“No One Saw This Coming”: Understanding Financial Crisis Through Accounting Models
AbstractThis paper presents evidence that accounting (or flow-of-fund) macroeconomic models helped anticipate the credit crisis and economic recession. Equilibrium models ubiquitous in mainstream policy and research did not. This study identifies core differences, traces their intellectual pedigrees, and includes case studies of both types of models. It so provides constructive recommendations on revising methods of financial stability assessment. Overall, the paper is a plea for research into the link between accounting concepts and practices and macro economic outcomes.
Download InfoIf you experience problems downloading a file, check if you have the proper application to view it first. In case of further problems read the IDEAS help page. Note that these files are not on the IDEAS site. Please be patient as the files may be large.
Bibliographic InfoPaper provided by University Library of Munich, Germany in its series MPRA Paper with number 15892.
Date of creation: 16 Jun 2009
Date of revision:
credit crisis; recession; prediction; macroeconomics; flow of funds; financialization; neoclassical economics; accounting research;
Find related papers by JEL classification:
- C53 - Mathematical and Quantitative Methods - - Econometric Modeling - - - Forecasting and Prediction Models; Simulation Methods
- E44 - Macroeconomics and Monetary Economics - - Money and Interest Rates - - - Financial Markets and the Macroeconomy
- E37 - Macroeconomics and Monetary Economics - - Prices, Business Fluctuations, and Cycles - - - Forecasting and Simulation: Models and Applications
- E47 - Macroeconomics and Monetary Economics - - Money and Interest Rates - - - Forecasting and Simulation: Models and Applications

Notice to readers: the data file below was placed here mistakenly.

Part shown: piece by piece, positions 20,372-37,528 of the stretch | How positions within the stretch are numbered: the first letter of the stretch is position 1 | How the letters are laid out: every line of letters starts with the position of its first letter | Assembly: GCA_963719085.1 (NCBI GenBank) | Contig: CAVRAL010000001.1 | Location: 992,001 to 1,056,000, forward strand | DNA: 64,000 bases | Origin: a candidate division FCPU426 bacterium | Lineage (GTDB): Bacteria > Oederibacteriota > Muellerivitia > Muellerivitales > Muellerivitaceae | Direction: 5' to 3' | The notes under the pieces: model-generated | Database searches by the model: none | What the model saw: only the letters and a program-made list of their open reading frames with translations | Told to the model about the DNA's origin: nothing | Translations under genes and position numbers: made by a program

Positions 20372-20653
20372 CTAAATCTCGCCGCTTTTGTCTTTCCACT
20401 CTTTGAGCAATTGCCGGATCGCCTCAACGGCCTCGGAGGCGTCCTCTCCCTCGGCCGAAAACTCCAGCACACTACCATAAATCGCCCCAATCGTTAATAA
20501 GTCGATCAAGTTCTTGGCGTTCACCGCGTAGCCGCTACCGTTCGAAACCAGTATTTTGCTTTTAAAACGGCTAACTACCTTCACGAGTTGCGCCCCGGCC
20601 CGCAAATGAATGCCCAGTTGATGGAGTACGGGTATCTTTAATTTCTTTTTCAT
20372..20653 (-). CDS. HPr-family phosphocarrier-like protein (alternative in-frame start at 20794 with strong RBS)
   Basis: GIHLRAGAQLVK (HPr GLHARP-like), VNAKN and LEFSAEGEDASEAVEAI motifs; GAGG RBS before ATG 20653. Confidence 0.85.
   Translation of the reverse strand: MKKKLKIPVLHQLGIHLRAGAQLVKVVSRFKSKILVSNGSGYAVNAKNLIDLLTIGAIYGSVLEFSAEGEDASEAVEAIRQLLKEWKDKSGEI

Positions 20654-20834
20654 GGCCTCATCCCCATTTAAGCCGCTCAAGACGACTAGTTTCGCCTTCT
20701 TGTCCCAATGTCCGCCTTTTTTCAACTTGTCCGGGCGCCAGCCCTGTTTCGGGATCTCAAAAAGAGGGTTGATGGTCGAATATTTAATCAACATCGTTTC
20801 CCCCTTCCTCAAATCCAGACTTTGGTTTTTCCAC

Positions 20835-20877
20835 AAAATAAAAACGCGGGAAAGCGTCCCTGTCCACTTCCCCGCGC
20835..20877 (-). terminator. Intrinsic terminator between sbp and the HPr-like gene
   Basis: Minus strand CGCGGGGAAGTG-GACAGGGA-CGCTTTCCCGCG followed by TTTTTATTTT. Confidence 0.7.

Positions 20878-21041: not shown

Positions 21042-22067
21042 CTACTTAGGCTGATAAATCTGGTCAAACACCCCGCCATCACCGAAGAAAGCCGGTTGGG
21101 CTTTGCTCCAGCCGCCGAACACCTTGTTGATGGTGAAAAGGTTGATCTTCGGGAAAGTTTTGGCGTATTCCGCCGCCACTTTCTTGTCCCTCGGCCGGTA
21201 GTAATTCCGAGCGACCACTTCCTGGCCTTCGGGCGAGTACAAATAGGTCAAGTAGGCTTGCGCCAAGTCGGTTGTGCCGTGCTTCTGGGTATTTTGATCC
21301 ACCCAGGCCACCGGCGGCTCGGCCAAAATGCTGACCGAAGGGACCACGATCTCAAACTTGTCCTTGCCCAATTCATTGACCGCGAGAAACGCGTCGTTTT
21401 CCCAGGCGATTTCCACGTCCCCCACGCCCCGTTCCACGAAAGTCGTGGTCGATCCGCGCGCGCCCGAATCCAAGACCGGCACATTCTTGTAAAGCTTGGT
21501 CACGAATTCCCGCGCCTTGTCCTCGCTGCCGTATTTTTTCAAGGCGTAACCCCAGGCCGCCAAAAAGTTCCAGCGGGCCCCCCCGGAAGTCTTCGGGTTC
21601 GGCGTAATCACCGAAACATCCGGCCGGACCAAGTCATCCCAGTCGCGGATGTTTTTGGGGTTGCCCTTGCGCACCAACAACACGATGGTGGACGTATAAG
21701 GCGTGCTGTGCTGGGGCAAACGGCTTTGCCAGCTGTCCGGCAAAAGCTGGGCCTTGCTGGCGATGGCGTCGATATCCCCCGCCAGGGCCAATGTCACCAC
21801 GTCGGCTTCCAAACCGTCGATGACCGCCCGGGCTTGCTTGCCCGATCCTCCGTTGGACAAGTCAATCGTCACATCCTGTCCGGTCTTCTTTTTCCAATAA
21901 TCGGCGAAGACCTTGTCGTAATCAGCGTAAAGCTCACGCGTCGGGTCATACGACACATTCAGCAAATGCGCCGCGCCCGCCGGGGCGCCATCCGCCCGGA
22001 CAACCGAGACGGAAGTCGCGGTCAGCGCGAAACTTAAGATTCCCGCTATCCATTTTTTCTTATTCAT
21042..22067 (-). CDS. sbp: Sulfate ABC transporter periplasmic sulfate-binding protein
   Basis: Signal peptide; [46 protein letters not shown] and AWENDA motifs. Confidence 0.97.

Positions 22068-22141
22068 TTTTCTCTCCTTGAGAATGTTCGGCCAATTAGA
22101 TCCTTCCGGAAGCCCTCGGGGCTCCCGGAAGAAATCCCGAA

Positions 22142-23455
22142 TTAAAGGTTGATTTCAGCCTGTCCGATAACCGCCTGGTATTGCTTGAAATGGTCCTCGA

Please report citation or reference errors to , or , if you are the registered author of the cited work, log in to your RePEc Author Service profile, click on "citations" and make appropriate adjustments.:
- Giuseppe Fontana & Bill Gerrard, 2002. "The Significance of the Monetary Context of Economic Behavior," Review of Social Economy, Taylor & Francis Journals, vol. 60(2), pages 243-262.
- Steve Keen, 1995. "Finance and Economic Breakdown: Modeling Minsky's "Financial Instability Hypothesis"," Journal of Post Keynesian Economics, M.E. Sharpe, Inc., vol. 17(4), pages 607-635, July.
- Giuseppe Fontana, 2000. "Post Keynesians and Circuitists on Money and Uncertainty: An Attempt at Generality," Journal of Post Keynesian Economics, M.E. Sharpe, Inc., vol. 23(1), pages 27-48, October.
- Engelbert Stockhammer, 2000.
"Financialization and the Slowdown of Accumulation,"
geewp14, Vienna University of Economics Research Group: Growth and Employment in Europe: Sustainability and Competitiveness.
- Baumol, William J, 1977. "Say's (at Least) Eight Laws, or What Say and James Mill May Really Have Meant," Economica, London School of Economics and Political Science, vol. 44(174), pages 145-61, May.
- Jordan, J S, 1989. "The Economics of Accounting Information Systems," American Economic Review, American Economic Association, vol. 79(2), pages 140-45, May.
- Hopwood, Anthony G., 2009. "Exploring the interface between accounting and finance," Accounting, Organizations and Society, Elsevier, vol. 34(5), pages 549-550, July.
- Das Dilip K., 2006. "Globalization in the World of Finance: An Analytical History," Global Economy Journal, De Gruyter, vol. 6(1), pages 1-25, February.
- Wynne Godley & Marc Lavoie, 2007.
"Fiscal Policy in a Stock-Flow Consistent (SFC) Model,"
Economics Working Paper Archive
wp_494, Levy Economics Institute.
- Wynne Goldey & Marc Lavoie, 2007. "Fiscal policy in a stock-flow consistent (SFC) model," Journal of Post Keynesian Economics, M.E. Sharpe, Inc., vol. 30(1), pages 79-100, October.
- Dean Baker, 2002. "The Run-up in Home Prices: A Bubble," Challenge, M.E. Sharpe, Inc., vol. 45(6), pages 93-119, November.
- Keen, Steve, 2013. "A monetary Minsky model of the Great Moderation and the Great Recession," Journal of Economic Behavior & Organization, Elsevier, vol. 86(C), pages 221-235.
- Lukáš Kovanda, 2011. "The Future of Economics: Four Possible Scenarios," Politická ekonomie, University of Economics, Prague, vol. 2011(6), pages 743-758.
- Martin Janíčko, 2012. "Financial Innovations and Economic Fluctuation from the Present Perspective," Acta Oeconomica Pragensia, University of Economics, Prague, vol. 2012(6), pages 18-33.
For technical questions regarding this item, or to correct its authors, title, abstract, bibliographic or download information, contact: (Ekkehart Schlicht).
If references are entirely missing, you can add them using this form.